Our Enhancing Habitat Workshop

Our recent Enhancing Habitat workshop, held at the Territory Wildlife Park, was a great success. The workshop was presented in collaboration with Territory Wildlife Park, Charles Darwin University (CDU) and Remote Area Tree Service. Over 45 Land for Wildlife members attended to learn about the different ways their properties can be improved as habitat for arboreal wildlife. Information was provided about the importance of tree hollows and nest boxes as habitat for native species, such as the threatened Black-footed tree rat. Practical demonstrations and arboreal animal encounters were also included, and members were given the opportunity to finish nest boxes to take home and install on their property.

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IMG_3412 (Medium)Dr Leigh-Anne Woolley, a researcher from CDU, gave an informative talk about her research into the decline of arboreal mammals in the NT and the use of nest boxes by these species. Leigh-Anne showed that nest boxes were used by several native mammals and the size of the hollow determined which animals were likely to use them.

Territory Wildlife Park assistant curator, Damien Stanioch, gave a practical presentation with Land for Wildlife coordinator Emma Lupin, of the several ways that nest boxes can be installed onto trees. Damien also talked about and answered questions on his experiences with the use of nest boxes. Afterwards, members had the opportunity to paint their complimentary nest boxes, which were generously made by the Palmerston Men’s Shed, with some products supplied by Bunnings.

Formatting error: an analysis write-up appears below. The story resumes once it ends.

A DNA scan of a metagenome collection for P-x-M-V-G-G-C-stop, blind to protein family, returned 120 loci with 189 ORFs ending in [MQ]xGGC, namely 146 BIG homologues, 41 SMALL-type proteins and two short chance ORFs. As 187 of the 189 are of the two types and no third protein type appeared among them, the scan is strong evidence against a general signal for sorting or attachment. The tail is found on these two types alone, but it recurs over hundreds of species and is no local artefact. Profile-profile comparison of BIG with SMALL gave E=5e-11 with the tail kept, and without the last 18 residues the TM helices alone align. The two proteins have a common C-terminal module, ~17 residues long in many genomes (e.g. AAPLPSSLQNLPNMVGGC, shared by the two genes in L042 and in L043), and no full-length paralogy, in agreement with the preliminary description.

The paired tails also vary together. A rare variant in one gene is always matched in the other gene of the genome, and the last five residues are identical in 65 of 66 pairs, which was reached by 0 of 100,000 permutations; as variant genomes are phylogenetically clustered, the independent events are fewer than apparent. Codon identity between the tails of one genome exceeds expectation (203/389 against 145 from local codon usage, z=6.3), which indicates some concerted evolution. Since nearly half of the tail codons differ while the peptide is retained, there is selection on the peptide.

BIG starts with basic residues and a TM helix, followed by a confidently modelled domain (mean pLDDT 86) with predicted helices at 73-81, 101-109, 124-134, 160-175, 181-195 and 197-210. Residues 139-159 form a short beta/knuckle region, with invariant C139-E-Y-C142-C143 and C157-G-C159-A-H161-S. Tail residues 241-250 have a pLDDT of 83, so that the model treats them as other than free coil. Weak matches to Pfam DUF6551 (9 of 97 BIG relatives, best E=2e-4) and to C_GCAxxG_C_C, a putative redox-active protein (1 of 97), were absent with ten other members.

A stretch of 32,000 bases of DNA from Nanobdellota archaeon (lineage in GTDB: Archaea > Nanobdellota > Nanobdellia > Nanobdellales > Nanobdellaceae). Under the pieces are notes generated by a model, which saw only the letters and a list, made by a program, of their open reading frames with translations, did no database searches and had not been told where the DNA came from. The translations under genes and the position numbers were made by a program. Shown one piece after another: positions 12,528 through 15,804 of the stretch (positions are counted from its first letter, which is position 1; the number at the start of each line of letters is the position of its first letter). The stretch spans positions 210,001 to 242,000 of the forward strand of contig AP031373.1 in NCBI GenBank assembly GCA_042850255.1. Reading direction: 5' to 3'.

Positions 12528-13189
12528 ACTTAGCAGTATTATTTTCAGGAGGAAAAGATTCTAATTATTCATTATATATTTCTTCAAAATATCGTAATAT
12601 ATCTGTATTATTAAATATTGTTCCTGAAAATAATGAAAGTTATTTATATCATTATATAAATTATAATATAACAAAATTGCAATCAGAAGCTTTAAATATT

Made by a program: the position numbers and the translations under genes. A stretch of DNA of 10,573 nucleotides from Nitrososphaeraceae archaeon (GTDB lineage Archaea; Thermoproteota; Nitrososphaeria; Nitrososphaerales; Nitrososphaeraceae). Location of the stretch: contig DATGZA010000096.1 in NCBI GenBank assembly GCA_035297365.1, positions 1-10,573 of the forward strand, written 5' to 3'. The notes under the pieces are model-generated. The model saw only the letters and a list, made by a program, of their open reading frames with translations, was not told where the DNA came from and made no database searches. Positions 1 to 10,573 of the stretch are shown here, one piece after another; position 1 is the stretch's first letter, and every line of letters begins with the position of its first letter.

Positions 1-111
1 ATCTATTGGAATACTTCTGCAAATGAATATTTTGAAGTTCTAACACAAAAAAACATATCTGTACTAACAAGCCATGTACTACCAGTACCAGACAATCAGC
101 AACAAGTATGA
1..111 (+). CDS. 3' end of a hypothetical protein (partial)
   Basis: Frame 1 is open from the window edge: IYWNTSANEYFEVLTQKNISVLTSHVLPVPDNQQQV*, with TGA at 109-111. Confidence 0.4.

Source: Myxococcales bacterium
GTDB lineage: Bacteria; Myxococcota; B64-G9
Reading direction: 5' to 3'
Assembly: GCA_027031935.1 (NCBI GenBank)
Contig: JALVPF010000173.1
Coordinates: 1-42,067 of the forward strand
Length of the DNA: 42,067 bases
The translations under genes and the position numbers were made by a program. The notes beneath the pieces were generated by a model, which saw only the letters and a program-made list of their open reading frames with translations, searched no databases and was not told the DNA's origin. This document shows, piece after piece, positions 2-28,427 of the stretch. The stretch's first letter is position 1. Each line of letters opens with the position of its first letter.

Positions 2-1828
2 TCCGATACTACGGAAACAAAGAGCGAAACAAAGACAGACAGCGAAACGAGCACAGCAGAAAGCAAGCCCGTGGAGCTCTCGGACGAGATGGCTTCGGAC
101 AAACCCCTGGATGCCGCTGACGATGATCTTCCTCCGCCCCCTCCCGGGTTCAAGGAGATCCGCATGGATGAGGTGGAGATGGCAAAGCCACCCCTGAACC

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The team from Remote Area Tree Service gave a great demonstration on how hollows can be made manually by using chainsaw techniques on dead trees, branches and logs. This is a wonderful way to ‘speed up’ the natural process of hollow-forming.

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During lunch, staff from Territory Wildlife Park treated members to an up-close encounter of native animals which use hollows, including the sugar glider and threatened northern quoll and black-footed tree rat.

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A huge thanks to Territory NRM for funding this project and to the Territory Wildlife Parkfor hosting and the time of their always knowledgeable and passionate staff. Thanks to Dr Leigh-Anne Woolley for presenting and sharing her knowledge, to Remote Area Tree Services for their wonderful presentation; to Palmerston Men’s Shed for making our boxes and Bunnings for donating some of the materials and of course all the members that are getting involved….

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